``Emergent services'' in a world of distributed objects: this strategy is just beginning to become popularized with architectures such as Sun's JINI [31] and the ongoing CORBA effort [25]. In this world, instead of erecting complex, inflexible services, large numbers of components or objects are made available over the wide area, and services emerge through the composition of many such components. This approach has the benefit that adding to the Internet landscape is a much simpler task, since the granularity of contributed components is much smaller. Because of the explicit decomposition of the world into much smaller pieces, it is also simpler to retask or extend services by dropping one set of components and linking in others.

There are significant disadvantages to this approach. As a side-effect of the more evolutionary nature of services, it is difficult to manage the state of the system, as state may be arbitrarily replicated and distributed across the wide area. Wide-area network partitions are commonplace, meaning that it is nearly impossible to provide consistency guarantees while maintaining a reasonable amount of system availability. Furthermore, although it is possible to make incremental, localized changes to the system, it is difficult to make large, global changes because the system components may span many administrative domains.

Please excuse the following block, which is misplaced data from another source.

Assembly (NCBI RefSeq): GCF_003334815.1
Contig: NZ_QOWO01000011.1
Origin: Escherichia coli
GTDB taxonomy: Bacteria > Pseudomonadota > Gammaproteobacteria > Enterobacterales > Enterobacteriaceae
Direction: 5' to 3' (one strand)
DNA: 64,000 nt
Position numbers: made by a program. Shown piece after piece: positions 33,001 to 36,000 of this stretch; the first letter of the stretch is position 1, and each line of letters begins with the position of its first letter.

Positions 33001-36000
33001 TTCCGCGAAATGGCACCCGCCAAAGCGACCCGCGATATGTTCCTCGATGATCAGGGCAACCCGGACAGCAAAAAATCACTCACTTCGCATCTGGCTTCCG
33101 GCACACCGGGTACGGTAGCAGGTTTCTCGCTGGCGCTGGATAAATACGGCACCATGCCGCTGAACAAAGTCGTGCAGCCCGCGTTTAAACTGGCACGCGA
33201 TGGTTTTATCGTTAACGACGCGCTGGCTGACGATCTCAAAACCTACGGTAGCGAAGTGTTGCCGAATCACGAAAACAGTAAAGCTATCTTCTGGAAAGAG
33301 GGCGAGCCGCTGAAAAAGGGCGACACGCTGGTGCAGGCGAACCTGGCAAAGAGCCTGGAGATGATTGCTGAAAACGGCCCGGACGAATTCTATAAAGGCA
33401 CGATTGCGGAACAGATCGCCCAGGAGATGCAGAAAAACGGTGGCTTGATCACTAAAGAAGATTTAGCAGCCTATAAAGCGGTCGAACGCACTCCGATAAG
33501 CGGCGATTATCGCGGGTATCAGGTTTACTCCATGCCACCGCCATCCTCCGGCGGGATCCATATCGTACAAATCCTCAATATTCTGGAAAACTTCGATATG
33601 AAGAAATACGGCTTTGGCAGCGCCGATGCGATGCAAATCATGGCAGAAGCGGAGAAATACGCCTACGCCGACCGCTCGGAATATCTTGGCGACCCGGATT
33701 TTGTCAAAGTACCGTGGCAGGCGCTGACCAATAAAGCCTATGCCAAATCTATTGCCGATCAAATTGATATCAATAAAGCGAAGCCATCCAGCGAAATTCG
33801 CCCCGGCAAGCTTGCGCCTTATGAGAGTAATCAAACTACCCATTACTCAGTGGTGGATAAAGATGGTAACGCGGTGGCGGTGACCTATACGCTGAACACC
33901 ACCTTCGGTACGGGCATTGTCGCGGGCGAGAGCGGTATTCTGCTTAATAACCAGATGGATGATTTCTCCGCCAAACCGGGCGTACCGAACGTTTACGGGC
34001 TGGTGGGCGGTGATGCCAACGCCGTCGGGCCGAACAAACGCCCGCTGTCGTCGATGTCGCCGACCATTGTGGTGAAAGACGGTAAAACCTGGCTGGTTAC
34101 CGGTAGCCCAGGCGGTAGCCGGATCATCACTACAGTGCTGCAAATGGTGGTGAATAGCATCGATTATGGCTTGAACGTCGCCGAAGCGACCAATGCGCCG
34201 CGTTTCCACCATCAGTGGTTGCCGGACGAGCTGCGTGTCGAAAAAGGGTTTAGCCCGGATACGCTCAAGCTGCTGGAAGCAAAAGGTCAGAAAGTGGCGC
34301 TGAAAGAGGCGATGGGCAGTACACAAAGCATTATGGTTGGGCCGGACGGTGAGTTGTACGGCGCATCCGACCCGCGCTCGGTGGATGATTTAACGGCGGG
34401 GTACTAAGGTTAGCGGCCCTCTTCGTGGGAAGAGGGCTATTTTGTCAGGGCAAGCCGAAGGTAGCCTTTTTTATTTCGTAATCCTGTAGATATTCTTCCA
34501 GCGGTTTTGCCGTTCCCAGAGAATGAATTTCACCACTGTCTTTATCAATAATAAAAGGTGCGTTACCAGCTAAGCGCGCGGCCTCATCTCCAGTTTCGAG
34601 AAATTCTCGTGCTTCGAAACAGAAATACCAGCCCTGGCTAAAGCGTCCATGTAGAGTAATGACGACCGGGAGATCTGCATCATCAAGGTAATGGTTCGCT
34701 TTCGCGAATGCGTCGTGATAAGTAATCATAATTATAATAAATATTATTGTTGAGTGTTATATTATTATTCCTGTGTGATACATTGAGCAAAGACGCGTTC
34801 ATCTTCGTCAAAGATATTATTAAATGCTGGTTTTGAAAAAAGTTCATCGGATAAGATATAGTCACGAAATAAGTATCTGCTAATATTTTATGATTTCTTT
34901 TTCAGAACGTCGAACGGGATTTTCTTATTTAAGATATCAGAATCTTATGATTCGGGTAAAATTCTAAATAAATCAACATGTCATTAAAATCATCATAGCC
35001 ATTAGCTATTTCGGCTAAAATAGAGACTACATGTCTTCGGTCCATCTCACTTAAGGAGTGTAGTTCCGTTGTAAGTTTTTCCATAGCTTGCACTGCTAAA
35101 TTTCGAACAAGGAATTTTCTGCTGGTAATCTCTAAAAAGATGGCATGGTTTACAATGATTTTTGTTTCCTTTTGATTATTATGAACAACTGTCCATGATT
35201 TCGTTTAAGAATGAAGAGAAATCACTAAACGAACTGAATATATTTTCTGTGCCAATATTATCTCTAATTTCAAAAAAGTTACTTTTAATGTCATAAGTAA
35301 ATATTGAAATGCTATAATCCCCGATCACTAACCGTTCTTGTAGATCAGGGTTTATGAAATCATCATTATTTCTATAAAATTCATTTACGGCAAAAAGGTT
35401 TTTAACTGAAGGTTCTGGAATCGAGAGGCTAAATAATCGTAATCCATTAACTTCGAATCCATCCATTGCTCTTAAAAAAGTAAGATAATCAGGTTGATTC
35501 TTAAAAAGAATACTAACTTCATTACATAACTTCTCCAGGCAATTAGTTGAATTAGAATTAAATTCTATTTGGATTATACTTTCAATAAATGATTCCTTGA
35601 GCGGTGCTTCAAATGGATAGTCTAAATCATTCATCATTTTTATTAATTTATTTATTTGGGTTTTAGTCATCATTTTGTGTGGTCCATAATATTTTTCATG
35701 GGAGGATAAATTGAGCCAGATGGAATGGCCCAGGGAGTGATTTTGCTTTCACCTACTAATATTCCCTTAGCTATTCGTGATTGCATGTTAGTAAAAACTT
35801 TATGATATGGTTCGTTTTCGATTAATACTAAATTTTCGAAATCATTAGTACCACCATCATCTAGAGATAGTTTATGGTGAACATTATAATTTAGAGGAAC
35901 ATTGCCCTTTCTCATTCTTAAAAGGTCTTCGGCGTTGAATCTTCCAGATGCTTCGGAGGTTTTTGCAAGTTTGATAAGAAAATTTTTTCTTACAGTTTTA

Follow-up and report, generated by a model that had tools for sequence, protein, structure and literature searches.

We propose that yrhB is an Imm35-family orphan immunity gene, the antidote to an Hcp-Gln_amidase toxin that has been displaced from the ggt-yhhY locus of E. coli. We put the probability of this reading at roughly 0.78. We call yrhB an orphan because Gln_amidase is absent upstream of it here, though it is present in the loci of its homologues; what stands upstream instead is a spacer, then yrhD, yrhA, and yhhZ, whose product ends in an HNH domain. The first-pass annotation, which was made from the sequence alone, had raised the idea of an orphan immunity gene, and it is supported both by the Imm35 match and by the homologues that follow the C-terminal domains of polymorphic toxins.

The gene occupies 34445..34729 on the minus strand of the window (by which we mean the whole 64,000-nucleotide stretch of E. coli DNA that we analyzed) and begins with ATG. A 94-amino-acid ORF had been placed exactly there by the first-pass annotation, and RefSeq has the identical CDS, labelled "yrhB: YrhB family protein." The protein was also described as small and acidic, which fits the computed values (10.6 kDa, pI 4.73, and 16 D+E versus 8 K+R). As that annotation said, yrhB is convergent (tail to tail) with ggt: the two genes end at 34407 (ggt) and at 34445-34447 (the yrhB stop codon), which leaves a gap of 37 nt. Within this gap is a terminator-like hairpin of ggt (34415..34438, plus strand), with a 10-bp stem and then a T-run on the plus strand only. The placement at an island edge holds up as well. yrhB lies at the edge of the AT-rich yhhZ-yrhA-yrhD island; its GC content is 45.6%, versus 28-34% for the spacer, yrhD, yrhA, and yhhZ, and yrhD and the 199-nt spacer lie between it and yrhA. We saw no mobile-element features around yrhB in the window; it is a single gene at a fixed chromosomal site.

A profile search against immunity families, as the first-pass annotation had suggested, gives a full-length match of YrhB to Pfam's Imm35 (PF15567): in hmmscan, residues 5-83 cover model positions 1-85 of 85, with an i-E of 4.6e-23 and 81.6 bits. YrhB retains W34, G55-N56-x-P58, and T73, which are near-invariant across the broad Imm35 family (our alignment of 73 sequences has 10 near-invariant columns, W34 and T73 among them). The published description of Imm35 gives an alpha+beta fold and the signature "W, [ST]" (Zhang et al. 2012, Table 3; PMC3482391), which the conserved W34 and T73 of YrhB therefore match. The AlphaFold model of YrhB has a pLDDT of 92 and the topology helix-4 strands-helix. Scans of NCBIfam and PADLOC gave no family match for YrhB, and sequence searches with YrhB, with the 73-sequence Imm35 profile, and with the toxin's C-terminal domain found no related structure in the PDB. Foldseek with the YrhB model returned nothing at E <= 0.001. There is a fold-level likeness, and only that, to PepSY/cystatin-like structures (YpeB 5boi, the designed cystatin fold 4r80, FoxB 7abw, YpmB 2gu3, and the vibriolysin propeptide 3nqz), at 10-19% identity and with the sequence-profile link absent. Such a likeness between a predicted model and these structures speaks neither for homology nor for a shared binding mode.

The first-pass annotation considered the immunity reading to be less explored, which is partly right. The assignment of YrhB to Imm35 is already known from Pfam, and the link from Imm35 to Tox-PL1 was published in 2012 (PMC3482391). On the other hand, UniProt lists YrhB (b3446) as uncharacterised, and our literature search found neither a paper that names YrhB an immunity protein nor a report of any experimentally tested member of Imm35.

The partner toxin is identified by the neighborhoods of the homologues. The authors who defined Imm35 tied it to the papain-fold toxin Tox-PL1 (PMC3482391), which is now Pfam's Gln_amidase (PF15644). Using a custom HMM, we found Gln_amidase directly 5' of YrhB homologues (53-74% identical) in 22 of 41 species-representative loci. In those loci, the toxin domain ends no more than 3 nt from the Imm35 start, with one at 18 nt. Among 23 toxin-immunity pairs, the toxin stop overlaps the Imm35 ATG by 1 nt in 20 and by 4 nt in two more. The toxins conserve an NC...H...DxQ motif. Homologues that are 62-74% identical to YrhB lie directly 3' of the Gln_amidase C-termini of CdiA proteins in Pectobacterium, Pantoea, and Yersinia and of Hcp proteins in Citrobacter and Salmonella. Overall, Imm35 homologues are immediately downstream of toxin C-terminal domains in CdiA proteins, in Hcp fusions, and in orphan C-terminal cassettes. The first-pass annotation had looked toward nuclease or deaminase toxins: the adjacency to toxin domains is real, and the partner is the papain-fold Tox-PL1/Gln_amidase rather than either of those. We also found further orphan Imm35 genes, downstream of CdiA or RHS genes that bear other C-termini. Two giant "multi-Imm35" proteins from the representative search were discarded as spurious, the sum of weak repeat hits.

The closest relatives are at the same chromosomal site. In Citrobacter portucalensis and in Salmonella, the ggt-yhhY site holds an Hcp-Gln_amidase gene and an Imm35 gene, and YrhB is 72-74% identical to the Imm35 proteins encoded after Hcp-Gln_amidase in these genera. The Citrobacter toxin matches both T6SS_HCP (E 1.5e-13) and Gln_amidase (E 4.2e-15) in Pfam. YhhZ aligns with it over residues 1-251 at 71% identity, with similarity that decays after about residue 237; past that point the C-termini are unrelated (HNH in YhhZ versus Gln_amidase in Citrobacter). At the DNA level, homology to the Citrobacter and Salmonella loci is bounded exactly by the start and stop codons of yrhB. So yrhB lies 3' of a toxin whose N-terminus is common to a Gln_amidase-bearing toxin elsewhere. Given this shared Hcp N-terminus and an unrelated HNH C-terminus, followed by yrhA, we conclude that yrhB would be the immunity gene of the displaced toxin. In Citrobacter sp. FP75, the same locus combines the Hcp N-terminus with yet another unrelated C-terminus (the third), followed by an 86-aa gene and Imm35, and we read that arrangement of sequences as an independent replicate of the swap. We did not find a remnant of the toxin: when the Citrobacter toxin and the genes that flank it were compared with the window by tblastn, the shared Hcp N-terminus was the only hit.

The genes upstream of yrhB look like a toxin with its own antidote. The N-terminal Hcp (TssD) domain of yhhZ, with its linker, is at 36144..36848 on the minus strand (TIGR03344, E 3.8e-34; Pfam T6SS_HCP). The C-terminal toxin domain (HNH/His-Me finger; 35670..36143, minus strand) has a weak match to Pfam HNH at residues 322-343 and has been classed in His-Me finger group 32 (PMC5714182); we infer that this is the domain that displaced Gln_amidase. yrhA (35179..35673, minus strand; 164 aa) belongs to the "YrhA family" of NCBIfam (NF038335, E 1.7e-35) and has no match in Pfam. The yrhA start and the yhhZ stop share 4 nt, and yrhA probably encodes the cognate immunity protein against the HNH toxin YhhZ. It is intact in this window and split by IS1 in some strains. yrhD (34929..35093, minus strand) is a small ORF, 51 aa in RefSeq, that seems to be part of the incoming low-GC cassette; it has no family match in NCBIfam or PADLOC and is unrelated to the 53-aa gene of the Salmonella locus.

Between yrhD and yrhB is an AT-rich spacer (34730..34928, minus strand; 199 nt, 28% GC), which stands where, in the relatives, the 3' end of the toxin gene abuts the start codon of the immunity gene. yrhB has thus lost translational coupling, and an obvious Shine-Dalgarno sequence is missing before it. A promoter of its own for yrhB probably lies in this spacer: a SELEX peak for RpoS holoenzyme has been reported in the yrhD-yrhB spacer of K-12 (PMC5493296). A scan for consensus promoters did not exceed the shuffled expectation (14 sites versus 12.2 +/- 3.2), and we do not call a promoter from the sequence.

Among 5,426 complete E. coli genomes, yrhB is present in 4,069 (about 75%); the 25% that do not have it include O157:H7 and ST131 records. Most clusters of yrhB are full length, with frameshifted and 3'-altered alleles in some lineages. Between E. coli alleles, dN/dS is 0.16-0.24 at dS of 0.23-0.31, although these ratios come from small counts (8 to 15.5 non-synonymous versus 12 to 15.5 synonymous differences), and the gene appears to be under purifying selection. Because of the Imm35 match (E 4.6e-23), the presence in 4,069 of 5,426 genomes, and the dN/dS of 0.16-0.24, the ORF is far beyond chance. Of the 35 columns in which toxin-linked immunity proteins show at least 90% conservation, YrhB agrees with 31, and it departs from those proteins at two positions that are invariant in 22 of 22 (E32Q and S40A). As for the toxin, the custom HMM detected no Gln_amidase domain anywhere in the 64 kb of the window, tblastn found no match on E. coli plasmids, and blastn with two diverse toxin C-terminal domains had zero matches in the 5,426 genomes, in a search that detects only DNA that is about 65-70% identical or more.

In this paper, we advocate a third approach. We argue that we can reap many of the benefits of the distributed objects approach while avoiding difficult state management problems by encapsulating services and service state in a carefully controlled environment called a Base. To the outside world, a Base provides the appearance and guarantees of a non-distributed, robust, highly-available, high-performance service. Within a Base, services aren't constructed out of brittle, restrictive software architectures, but instead are ``grown'' out multiple, smaller, reusable components distributed across a workstation cluster [3]. These components may be replicated across many nodes in the cluster for the purposes of fault tolerance and high performance. The Base provides the glue that binds the components together, keeping the state of replicated objects consistent, ensuring that all of the constituent components are available, and distributing traffic across the components in the cluster as necessary.

The rest of this paper discusses the design principles that we advocate for the architecture of a Base (section 2), and presents a preliminary Base implementation called the Ninja MultiSpacegif (section 3) that uses techniques such as dynamic code generation and code mobility as mechanisms for demonstrating and evaluating our hypotheses of service flexibility, rapid evolution, and robustness under change. While we have begun preliminary explorations into the scalability and high availability aspects of our prototype, that has not been the explicit focus of this initial implementation, and instead remains the subject of future work. Two example services running on our prototype Base are described in section 4. In section 5, we discuss some of the lessons we learned while building our prototype. Section 6 presents related work, and in Section 7 we draw conclusions.

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Next: 2 Organizing Principles Up: The MultiSpace: an Evolutionary Previous: The MultiSpace: an Evolutionary